Data Update - Spring 2014 newsletter
UNINSURED AND UNDERINSURED
• 48.0 million Americans, 15.4 percent of the population, were uninsured in 2012, down slightly from 15.7 percent in 2011. The number of uninsured people was not statistically different from 2011, according to the Census Bureau.
Similarly, there was no significant change in the number of uninsured young adults aged 19-25, 8.2 million, in 2012. The effects of an Affordable Care Act (ACA) provision allowing young adults to be covered by a parent’s plan, which modestly increased coverage for this group between 2010 and 2011, appear to have plateaued. 6.6 million children (8.9 percent) were uninsured in 2012, including 12.9 percent of children in poverty.
Although Medicare expanded slightly in 2012 with more baby boomers reaching retirement age, Medicaid has covered more people than Medicare (50.9 million vs. 48.9 million) since 2009. 54.9 percent of Americans had employment-based insurance in 2012, down from 64.2 percent in 2000.
Texas had the highest percentage of uninsured, at 24.6 percent, followed by Nevada, New Mexico, and Florida, each of which exceeded 20 percent. 272,000 people in Massachusetts (4.1 percent) were uninsured in 2012. Massachusetts’ 2006 health reform is the model for the ACA.
About 8 in 10 of the uninsured are U.S. citizens and 19.7 percent are non-citizens. Uninsured non-citizens include both lawfully present and undocumented immigrants. Undocumented immigrants and legal immigrants residing in the U.S. for less than five years are barred from federally funded health coverage (U.S. Census Bureau, “Income, Poverty and Health Insurance Coverage in the Unites States: 2012,” September 2013).
More than half of Americans (57 percent) report delaying or forgoing health care in 2012 due to cost. While 83 percent of the uninsured skipped or delayed care due to cost, so did 54 percent of people with coverage. About 1 in 5 people with insurance reported that their plan did not cover a needed service or that they had a problem with medical bills (Kaiser Family Foundation, September 2013).
• Psychiatrists are significantly less likely to accept insurance (even private insurance) than other physicians. According to a new study, only 55 percent of psychiatrists accepted private insurance in 2010, down from 72 percent in 2005. In contrast, about 89 percent of other physicians accepted private insurance in 2005, down from 93 percent in 2005. The proportion of psychiatrists accepting Medicare (55 percent) and Medicaid (43 percent) in 2010 was also lower compared to other physicians, for whom the acceptance rate was 86 percent for Medicare and 73 percent for Medicaid (Seaman, Reuters, 12/11/13).
As of Jan. 1, 3.9 million people had signed up for Medicaid and 2.1 million people had signed up for private coverage on the ACA’s health exchanges (HealthCare.gov and 14 state-based exchanges). The final impact of the ACA on the number of uninsured in 2014 is uncertain as the enrollment period has been extended until March 31 (and indefinitely for people facing certain circumstances, such as a change in family size or hardship); private insurers must receive monthly premium payments from enrollees; the number of enrollees who had coverage last year but are switching to exchange plans is unknown; and more states may choose to expand their Medicaid programs.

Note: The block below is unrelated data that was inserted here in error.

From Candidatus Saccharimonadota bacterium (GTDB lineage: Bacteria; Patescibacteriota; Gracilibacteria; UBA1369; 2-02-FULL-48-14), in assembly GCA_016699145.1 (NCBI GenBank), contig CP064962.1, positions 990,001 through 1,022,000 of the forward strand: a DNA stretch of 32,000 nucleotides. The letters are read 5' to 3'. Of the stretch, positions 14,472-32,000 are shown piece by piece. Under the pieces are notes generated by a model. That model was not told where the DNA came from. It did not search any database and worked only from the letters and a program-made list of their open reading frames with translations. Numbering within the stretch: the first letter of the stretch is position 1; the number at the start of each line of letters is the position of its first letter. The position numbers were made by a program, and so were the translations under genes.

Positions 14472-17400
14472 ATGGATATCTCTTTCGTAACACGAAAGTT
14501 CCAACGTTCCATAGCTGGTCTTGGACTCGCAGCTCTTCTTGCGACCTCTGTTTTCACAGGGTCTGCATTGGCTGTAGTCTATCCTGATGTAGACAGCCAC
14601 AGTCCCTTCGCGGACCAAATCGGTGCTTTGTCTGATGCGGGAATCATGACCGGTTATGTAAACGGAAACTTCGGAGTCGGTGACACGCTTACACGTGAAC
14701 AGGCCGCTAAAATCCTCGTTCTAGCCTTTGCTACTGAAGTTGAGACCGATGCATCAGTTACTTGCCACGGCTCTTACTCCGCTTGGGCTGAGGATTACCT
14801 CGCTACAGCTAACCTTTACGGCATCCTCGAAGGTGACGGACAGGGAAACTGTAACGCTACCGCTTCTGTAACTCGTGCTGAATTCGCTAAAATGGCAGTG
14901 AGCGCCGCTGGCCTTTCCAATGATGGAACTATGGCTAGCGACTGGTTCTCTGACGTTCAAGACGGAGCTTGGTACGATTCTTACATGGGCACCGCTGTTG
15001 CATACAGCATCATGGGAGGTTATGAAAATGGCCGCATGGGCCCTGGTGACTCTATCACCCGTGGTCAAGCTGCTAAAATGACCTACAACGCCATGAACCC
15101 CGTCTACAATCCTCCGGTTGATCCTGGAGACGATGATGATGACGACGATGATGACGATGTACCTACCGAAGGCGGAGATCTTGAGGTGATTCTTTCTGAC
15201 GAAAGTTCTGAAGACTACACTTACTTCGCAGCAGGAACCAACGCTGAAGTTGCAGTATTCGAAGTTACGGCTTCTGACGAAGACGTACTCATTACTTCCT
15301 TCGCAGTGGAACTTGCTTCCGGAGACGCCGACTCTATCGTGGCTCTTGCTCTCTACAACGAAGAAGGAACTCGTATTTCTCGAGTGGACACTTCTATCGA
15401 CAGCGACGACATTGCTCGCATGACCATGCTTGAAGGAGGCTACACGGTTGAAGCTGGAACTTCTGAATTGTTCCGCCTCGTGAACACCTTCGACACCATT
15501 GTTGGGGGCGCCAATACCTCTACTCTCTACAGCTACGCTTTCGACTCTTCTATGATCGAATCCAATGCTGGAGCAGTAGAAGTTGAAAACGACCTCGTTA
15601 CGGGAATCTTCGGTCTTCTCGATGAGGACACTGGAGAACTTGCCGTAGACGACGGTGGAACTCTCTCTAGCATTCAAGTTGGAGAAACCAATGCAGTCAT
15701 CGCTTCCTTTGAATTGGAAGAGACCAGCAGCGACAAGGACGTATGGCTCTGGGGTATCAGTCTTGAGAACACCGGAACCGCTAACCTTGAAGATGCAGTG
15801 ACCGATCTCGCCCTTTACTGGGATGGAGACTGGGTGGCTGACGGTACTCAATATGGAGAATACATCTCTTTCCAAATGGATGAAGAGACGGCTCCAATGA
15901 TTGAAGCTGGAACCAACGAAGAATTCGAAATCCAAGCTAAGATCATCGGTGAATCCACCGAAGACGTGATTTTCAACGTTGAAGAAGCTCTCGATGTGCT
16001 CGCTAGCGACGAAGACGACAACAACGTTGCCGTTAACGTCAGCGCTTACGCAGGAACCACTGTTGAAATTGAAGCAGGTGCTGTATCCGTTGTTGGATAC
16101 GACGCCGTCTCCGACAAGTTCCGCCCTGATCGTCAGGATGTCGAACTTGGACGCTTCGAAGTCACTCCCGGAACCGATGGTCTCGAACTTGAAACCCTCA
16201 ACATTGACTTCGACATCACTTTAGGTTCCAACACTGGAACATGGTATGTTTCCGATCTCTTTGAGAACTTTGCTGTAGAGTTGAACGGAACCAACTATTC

The Congressional Budget Office estimated that the number of uninsured Americans would drop by 14 million in 2014. The CBO projected that Medicaid enrollment would increase by 9 million and that another 7 million people would gain private coverage through the exchanges; these gains would be offset by 2 million people losing or switching from their current individual coverage (Congressional Budget Office, May 2013).
High deductibles reduce emergency care, raise subsequent hospitalizations
Even patients with severe conditions reduce trips to the emergency department in response to high deductibles. Two recent studies assessed emergency department use among people with high-deductible health plans (HDHPs) compared with patients in HMOs. The first study found that males whose employers switched them from a traditional HMO to a HDHP reduced their utilization of emergency department visits for high-severity indications (conditions clearly warranting an ED visit) by 34.4 percent, even more than they reduced visits for low- and medium-severity indications (down 22 percent). They also experienced a reduction in hospitalizations in year one by 24.2 percent, but this was followed by a 30.1 percent increase in hospitalizations in year two, suggesting that men “put off needed care after their deductible went up, leading to more severe illness requiring hospital care later on” (Kozhimannil, “The impact of high-deductible health plans on men and women: An analysis of emergency department care,” Medical Care, August 2013).
A second study found that low socio-economic status enrollees in HDHPs in Massachusetts reacted in a similar way: They reduced high-severity ED visits by 25 percent to 32 percent in the first two years, but their rate of hospitalization eventually rebounded after falling 23 percent in the first year. The findings suggest that initial reductions in high-severity ED visits might have increased the need for subsequent hospitalizations (Wharam, “Low socio-economic status enrollees in high-deductible plans reduced high-severity emergency care,” Health Affairs, August 2013).
In contrast, patients who gained Medicaid coverage in the 2008 lottery in Oregon increased their use of the ED by 0.41 visits per person, or 40 percent relative to an average of 1.02 visits per person in the control group over the 18-month study period. ED visits by the newly insured were for a broad range of conditions, some of which could have been treated in a primary care setting. These findings were not unexpected given that the poor tend to be sick and have unmet health needs, especially in the short term after acquiring coverage (Taubman et al., “Medicaid Increases Emergency-Department Use: Evidence from Oregon’s Health Insurance Experiment,” Science, 1/17/14).